Vacant Lots and Back Yards

As a child, we spent lots of time thinking about what we would like to be when we would grow up.  Living in America slants our dreams somewhat.  We are expected to grow up, go to college, get a good job and make a good living.  The American dream , as it were, nearly always involved financial freedom and getting that can become the goal of life from a young child.  We were no different.

There were some kids who seemed to always do well in school who everyone thought would be instant successes.  There were kids who were great at sports and everyone thought they’d become great stars on a field or a court (and some did).  Then there were kids like us who had the dreams and that’s as far as it went.  Somewhere in the back of our minds was the truth that we were just average and probably would end up that way.

Our dreams came true in the annuls of great plays in the vacant lot next to our house and in our back yards.  In those places, we were the stars.  Baseball and football were the normal sports.  Basketball always came in third.  Mostly because none of us had goals in our yard, but nearly all of us owned and football and baseball equipment.

The games would always begin with the very awkward choosing of teams process.  Two unlucky guys would be chosen to take turns picking the kids in the group.  Most of the time, someone would get their feelings hurt.  Many times the last kid to be picked would find himself being argued over–not to be picked, but to try to get the other team to pick him.  What a self-esteem boost that was!!  The team who picked first, usually had to be the visiting team, or receive the ball last.

Our playbook existed in our heads and were always drawn out on our hands in the huddle as we made up the play–right then and there.  You could hear the quarterback’s strategy, “You go down the line ten steps and cross.”  “I’ll fake the hand off, and throw the ball to the guy going long.”  We were the greatest of all time–in our own minds.  When someone would make a great catch or tackle the guy, or hit the home run, that play would be the talk of the week.

It’s strange how I can remember actual plays we ran.  I can remember times when I got hurt.   I remember taking an elbow in the eye and it swelled so much, I could not see out of that eye.  I remember us doing things like sliding toward the street when cars were coming just to try and get the driver to swerve to miss us.  It’s a wonder we are still alive today.  I can remember making a throw to win games.  We practiced this stuff and got pretty good at it.  We coached ourselves, made up our own rules, and I believe that much of what we learned helped prepare us for a few decisions later in life.  We had no parents involved, so we had to learn on our own to get along and participate with one  another in a good way.

One specific event happened in our back yard that I will never forget.  We were playing football one day and one of the guys punted the ball.  It was a pretty good punt too, because it was high enough to hit the power lines.  When it did, there was a loud BOOM!  You’ve never seen a bunch of boys run any faster.  The kid who did it thought he had blown up the neighborhood.  Neighbors were coming out to see what had happened.  As you can imagine, we did not play there for a while!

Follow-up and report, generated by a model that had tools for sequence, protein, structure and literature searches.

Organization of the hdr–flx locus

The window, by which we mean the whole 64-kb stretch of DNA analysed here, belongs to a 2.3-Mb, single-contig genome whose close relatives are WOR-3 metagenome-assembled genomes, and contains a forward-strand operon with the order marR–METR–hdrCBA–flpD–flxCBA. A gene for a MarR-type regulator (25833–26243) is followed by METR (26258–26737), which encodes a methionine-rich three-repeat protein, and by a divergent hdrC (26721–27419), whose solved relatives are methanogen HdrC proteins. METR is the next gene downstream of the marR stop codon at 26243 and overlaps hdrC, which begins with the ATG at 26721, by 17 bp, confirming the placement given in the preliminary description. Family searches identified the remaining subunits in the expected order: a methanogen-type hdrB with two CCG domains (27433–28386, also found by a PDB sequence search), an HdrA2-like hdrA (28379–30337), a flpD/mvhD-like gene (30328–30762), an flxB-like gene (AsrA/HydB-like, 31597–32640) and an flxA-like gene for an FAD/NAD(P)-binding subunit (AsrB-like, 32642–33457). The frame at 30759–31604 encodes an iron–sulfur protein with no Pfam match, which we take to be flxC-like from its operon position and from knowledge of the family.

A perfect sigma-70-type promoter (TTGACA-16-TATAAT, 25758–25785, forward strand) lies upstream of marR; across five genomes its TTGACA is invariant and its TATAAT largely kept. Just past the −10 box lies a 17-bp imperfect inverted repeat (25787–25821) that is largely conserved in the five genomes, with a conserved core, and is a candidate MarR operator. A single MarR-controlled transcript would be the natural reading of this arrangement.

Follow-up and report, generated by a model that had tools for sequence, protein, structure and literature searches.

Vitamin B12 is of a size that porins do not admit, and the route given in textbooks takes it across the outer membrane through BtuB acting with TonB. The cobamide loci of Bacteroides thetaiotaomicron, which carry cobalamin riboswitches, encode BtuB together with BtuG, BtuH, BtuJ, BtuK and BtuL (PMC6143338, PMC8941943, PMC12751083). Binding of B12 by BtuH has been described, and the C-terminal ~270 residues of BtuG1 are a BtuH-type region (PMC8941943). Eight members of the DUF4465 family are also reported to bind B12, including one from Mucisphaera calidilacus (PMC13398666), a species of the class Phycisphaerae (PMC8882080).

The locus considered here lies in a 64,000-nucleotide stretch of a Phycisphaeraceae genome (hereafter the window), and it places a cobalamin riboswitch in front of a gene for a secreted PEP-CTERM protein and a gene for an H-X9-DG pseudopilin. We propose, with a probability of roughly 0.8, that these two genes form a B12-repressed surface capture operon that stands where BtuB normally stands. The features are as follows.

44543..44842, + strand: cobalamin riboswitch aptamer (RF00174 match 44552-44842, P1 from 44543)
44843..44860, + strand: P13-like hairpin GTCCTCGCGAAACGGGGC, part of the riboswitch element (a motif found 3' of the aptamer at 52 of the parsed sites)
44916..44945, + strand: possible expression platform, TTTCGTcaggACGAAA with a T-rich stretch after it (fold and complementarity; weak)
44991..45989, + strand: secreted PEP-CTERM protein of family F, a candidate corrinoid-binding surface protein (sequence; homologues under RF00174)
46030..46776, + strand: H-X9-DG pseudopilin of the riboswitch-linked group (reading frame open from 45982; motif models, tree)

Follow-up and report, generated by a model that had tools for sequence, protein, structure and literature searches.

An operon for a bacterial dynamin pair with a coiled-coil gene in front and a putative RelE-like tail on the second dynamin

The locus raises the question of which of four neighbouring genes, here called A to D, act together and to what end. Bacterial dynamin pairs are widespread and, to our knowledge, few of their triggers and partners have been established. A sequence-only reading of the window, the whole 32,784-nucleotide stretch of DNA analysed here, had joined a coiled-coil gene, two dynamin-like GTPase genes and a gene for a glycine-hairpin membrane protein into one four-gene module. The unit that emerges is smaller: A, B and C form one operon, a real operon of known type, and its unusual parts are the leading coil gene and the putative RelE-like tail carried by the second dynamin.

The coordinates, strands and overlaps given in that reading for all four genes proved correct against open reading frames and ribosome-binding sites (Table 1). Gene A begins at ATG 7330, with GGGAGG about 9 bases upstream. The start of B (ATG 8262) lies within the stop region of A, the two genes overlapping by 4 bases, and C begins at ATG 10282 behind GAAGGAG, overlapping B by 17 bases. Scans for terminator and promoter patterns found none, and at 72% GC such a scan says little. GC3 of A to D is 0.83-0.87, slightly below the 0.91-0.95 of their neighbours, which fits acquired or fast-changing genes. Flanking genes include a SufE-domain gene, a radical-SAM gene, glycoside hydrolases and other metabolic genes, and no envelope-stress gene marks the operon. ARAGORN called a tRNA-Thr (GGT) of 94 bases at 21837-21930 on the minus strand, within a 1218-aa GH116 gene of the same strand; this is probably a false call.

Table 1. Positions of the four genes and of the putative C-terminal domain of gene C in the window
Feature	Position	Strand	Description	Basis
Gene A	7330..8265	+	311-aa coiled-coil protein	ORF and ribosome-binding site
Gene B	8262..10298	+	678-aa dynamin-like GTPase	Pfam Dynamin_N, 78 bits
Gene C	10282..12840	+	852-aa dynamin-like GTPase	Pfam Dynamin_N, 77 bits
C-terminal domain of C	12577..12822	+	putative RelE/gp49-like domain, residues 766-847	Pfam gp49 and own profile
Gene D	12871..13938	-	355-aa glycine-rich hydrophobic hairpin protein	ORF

These are just a few of my childhood memories about sports and dreams of a very young man.  I was very blessed to have had this kind of childhood.  We stay out till mom called us home from the vacant lot and the back yards of fame.  What a great life!!  That vacant lot still exists today.  My mom lives in the same house we did then.  The lot is much smaller now than it was then.  The cars still zoom by.  And sometimes when I drive by, I think of those days when we were so young.  It seems like yesterday.  I’d better quit now before I begin to get teary-eyed.

Thanks for reading.


4 responses to “Vacant Lots and Back Yards

  • Greg England

    Amazing how independent we were, and yet how many of our parents knew everything going on in our lives, who we were with, where we were … everything! But we were left to fend for ourselves and our street sports were great times! I was never much at baseball or football … never understood what they meant when they said, “It’s 2nd and five,” or whatever. I just thought they were putting random numbers together! So I was always that last guy to be picked in football. But we just loved hanging out together.

    Brought back some good memories, Keith. Thanks for the new post. Now get back to work!! 🙂

  • Ellen

    Loved reading this. About time you wrote something else. 🙂 Brought back a few good memories of my own.

  • Brenda

    Don’t wait so long about writing the next phase. Good stuff.

  • Meowmix

    Your comment that the lot is much smaller now reminded me of a trip I made a few years ago to my home town for the 4th of July picnic. I remembered it as HUGE. 10s of 1000s of people. A longggg parade. Whole town shut down for it. As you can imagine, the whole thing was much smaller than it was when I was a kid! 🙂

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